Born in 1931 in Castelsarrasin, France, but raised and educated in Barcelona, his childhood was marked by the Spanish Civil War. Those were years of hardship and trials for him and his working-class family. From a very early age, he took refuge in drawing.
At age 14 he attended the Barcelona School of Arts and Crafts, where he showed remarkable skill as a restorer and gilder. In 1952 he entered the Royal Academy of Fine Arts of Sant Jordi. During his second year at the academy, he won first prize in the Figure Painting category at the university art show in Madrid. He travelled to the capital, acquainted himself with the Prado and frequented the Royal Academy of Fine Arts of San Fernando.
In the summer of 1954 he discovered Catalonia’s Empordà region and the village of Calella de Palafrugell on the Costa Brava, a world of fishermen like Pepet Gilet where singing Habaneras is a cherished tradition. From that moment on, the Empordà became a part of his life and work.
In 1957 he won a scholarship to complete his study in Paris. He attended classes at the École des Beaux-Arts and frequented the Académie de la Grande Chaumière.
During his years in the French capital, he restored several rooms in the Elysée Palace, and his efforts were personally acknowledged by President René Coty. He later restored the office of the Minister of the Navy in the Place de la Concorde and the presidential box at the Palais Garnier opera house.
While living in Paris, he visited London a few times to participate in several group exhibitions. In 1959 another scholarship took him to the British capital. He attended drawing and printmaking classes at Saint Martin’s School of Art while working as a restorer and gilder for a prestigious framing shop. In 1961 he entered the British Railways Poster Competition and won first prize.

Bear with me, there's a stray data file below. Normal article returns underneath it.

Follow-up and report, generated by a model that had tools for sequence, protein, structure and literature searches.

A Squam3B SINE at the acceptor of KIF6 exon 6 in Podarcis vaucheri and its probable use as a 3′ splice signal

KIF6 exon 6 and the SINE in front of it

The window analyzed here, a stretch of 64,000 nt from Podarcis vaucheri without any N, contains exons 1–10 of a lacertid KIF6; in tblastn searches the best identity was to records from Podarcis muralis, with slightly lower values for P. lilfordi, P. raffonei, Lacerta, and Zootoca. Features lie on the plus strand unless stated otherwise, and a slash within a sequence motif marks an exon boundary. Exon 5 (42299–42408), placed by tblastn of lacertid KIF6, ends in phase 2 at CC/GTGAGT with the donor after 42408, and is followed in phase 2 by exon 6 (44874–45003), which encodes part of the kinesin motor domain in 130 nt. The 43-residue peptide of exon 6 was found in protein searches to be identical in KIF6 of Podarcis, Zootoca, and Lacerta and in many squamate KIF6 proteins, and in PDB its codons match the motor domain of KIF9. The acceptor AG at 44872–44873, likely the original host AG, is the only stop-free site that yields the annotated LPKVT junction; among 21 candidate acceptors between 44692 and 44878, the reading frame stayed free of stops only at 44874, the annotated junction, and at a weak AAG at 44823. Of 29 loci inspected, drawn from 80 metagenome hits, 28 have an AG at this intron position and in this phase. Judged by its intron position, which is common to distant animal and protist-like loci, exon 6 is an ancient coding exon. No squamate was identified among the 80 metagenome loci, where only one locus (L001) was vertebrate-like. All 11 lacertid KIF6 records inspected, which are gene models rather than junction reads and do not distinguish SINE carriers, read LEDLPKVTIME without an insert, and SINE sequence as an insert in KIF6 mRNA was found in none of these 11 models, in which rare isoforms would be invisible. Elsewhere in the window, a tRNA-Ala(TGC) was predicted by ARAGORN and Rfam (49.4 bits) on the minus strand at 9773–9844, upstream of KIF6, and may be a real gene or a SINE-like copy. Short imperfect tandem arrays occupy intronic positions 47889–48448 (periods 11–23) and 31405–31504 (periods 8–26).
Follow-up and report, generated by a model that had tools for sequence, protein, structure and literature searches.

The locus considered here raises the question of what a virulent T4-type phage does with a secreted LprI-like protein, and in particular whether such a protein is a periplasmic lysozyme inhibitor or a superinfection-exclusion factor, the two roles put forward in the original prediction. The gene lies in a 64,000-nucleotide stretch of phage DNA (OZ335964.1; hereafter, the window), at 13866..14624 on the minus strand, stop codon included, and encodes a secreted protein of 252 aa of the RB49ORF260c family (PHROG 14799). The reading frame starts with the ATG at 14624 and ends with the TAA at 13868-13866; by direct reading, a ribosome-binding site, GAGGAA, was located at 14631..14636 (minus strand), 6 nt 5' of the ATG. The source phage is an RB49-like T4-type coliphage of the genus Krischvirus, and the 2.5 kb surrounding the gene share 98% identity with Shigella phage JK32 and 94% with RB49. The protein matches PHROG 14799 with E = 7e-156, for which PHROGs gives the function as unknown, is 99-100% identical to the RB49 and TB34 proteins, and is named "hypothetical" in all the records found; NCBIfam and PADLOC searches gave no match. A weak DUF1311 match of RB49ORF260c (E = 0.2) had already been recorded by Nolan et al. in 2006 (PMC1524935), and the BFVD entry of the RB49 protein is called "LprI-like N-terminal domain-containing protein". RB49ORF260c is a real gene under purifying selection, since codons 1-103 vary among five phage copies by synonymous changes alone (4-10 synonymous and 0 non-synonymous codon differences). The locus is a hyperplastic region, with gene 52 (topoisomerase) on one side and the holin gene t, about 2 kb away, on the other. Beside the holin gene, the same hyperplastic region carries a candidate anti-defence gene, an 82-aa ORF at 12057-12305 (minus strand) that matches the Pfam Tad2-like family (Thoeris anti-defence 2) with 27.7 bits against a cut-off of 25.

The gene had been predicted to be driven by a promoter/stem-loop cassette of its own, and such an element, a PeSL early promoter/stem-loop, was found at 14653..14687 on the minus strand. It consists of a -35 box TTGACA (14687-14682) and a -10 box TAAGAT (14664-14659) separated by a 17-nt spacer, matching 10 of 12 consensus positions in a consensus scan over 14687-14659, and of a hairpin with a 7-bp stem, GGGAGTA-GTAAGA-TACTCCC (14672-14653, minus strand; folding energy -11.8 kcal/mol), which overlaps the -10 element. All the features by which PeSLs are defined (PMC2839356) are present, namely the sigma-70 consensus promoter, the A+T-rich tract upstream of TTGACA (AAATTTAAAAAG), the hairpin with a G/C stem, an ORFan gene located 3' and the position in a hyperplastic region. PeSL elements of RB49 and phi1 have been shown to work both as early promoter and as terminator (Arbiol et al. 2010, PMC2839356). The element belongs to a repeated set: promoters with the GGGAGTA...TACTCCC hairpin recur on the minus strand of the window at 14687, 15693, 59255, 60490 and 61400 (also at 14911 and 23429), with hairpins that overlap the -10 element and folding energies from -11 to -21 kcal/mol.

He began to investigate matter-rich Art Informel. His work with matter materialised in the creation of a singular language that would produce the well-known Puertas [Doors] series.
In 1963 he returned to Barcelona. He continued working on the Puertas series, depicting doors of Barcelona with a recuperation of matter-based form. Those doors were the bridge between his Art Informel period and the beginning of a process of synthesis, composition and structure of the canvas—without abandoning figuration—that grew increasingly geometric.
His work began to lean towards abstract geometry, Op art and kinetic art.
Three-dimensional geometry remained the basis of his work until 1974, when he returned to the pictorial flatness of oil on canvas, performing a broad exercise in composition, colour contrasts and optical illusions. In 1970 he ventured into the fields of work by Muestra Española de Nuevas Tendencias Estéticas (MENTE group). That same year, he was chosen to design the official poster and medals for the European Swimming Championships held in Barcelona. In 1971 he designed a mural-like building facade in Barcelona.
In 1972 he travelled to the United States for the first time.
Interested in the idea of making art more accessible to society, Navarro Vives and some of his friends founded an art publishing house (Disform Ediciones).
A hiatus due to ill health altered the course of his painting, and in 1978 he returned to the figurative path. He devised a new language based on three principal themes: still lifes, boats and landscapes. Despite this radical shift, construction, composition and colour remained the subtle leitmotiv of his entire oeuvre.
In the late 1980s he began producing urban compositions and crowded, labyrinthine rural landscapes. During those years of intense pictorial creation, he took several trips to North America and spent extended periods in Mexico.
In 1994 he was honoured by his hometown of Castelsarrasin.
In 1997 he received the “Key of Barcelona” for a lifetime devoted to art.
Family connections motivated frequent visits to Venice, and he established strong ties to the city. His inquiring mind gradually led to a compositional and chromatic simplification verging on the essential. This was the period of his “painted atmospheres”, a magical world, once again on the boundary between fantasy and reality, reason and emotion. In those later years he inserted the human figure in his universe of Atmósferas [Atmospheres].
Since 2012, his work, based on observation, has taken on a new challenge to the imagination that questions everything, even existence itself. It was then that he began the series of ensueños or “reveries”, closely related to the conscious and unconscious.
In 2016 he received the Cross of Sant Jordi, the highest distinction awarded by the Government of Catalonia.